Thanks to the 24-36 hour grace period between a weigh in and fight, weight cutting is as much a part of Mixed Martial Arts (MMA) as questioning the referee’s eyesight is a part of football. And with the soaring (sweaty) popularity of hot yoga studios and post-gym sauna sessions amongst us average humans, a lot of interest has been generated in what cutting weight does to your body. So we got Jimmy Crute (the UFC’s most recent signing from Australia), on the line, as well as his trainer Sam Greco (former K1 World Champion) and his nutritionist Michelle Reeves—to learn the truth about weight cutting.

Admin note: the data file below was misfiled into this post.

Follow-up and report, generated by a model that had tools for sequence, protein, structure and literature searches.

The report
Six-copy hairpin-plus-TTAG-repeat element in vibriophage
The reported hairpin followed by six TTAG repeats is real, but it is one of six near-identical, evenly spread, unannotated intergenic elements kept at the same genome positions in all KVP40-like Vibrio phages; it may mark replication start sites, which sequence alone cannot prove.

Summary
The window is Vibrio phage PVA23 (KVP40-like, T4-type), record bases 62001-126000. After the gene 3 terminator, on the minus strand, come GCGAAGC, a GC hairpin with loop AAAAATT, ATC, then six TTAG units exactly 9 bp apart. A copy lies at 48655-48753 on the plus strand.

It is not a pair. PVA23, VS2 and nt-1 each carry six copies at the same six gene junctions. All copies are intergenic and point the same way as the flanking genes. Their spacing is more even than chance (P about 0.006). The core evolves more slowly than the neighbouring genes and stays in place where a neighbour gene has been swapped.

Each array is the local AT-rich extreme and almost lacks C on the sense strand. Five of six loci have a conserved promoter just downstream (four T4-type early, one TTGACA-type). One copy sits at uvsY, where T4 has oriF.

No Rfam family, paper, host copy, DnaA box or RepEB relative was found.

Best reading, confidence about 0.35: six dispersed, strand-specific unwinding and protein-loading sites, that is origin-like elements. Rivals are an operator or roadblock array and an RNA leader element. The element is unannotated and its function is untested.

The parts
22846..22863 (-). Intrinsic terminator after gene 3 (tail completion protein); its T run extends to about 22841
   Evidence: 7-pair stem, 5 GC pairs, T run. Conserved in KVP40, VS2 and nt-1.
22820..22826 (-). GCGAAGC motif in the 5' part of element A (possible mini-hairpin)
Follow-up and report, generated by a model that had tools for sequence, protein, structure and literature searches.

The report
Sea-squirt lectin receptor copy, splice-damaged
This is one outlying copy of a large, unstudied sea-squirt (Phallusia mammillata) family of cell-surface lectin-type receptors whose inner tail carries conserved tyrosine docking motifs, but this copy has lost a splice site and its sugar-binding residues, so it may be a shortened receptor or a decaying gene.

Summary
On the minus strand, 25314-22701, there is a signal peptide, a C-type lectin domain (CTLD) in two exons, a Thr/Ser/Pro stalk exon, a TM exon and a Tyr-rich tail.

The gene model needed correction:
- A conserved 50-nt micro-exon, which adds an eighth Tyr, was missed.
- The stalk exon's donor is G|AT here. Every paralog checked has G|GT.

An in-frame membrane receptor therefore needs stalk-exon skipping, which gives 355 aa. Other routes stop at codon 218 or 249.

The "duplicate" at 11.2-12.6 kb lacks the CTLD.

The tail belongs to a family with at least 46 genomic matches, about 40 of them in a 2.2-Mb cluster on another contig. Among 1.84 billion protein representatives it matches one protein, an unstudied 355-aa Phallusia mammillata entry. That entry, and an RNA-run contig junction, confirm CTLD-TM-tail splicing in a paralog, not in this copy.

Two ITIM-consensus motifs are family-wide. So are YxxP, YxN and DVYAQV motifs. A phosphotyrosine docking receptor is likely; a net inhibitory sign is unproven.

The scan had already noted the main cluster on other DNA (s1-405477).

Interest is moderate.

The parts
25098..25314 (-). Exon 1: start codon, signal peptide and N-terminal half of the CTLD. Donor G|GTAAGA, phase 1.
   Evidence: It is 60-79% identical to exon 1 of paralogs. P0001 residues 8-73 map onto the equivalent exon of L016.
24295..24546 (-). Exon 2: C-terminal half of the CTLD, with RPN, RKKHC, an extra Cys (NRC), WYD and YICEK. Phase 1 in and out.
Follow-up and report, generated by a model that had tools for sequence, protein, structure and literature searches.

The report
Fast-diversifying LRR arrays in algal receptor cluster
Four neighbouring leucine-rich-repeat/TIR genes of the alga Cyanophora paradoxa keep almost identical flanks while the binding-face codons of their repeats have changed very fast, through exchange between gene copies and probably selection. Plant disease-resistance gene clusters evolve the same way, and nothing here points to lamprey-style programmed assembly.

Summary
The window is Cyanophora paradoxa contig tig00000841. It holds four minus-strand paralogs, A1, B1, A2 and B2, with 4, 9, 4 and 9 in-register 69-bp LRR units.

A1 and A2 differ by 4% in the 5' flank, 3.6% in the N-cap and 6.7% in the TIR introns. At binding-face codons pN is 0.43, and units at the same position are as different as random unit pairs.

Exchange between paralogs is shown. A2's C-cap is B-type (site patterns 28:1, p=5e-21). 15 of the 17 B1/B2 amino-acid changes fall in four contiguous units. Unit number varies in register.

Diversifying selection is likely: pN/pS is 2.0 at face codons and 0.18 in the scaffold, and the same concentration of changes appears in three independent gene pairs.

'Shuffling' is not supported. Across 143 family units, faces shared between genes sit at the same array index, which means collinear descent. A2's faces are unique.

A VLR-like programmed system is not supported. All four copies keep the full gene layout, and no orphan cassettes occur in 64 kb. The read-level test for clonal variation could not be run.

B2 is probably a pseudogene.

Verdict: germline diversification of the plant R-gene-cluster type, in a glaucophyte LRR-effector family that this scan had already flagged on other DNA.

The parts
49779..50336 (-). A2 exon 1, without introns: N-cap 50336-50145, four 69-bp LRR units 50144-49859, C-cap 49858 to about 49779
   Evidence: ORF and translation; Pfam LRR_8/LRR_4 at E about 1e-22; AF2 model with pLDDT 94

Done right, weight manipulation can significantly increase a fighter’s chance of winning. However, weight cutting can have severe consequences if undertaken by individuals with underlying medical conditions, or even healthy individuals if not done properly (to ensure this you should be under the watchful eye of an expert trainer). So although aspects of a fighter’s weight cutting program (namely: a ruthlessly efficient diet), can benefit your health, if you do it wrong—or use any of the “unhealthy” cutting techniques we are about to mention—you are putting your life at risk.
“Done right, it can significantly increase a fighter’s chances of winning… Done wrong, it can make even the toughest guy lose his edge… and probably the fight. There’s serious risk of organ failure if done haphazardly,” Nate Green, PT and Precision Nutrition writer.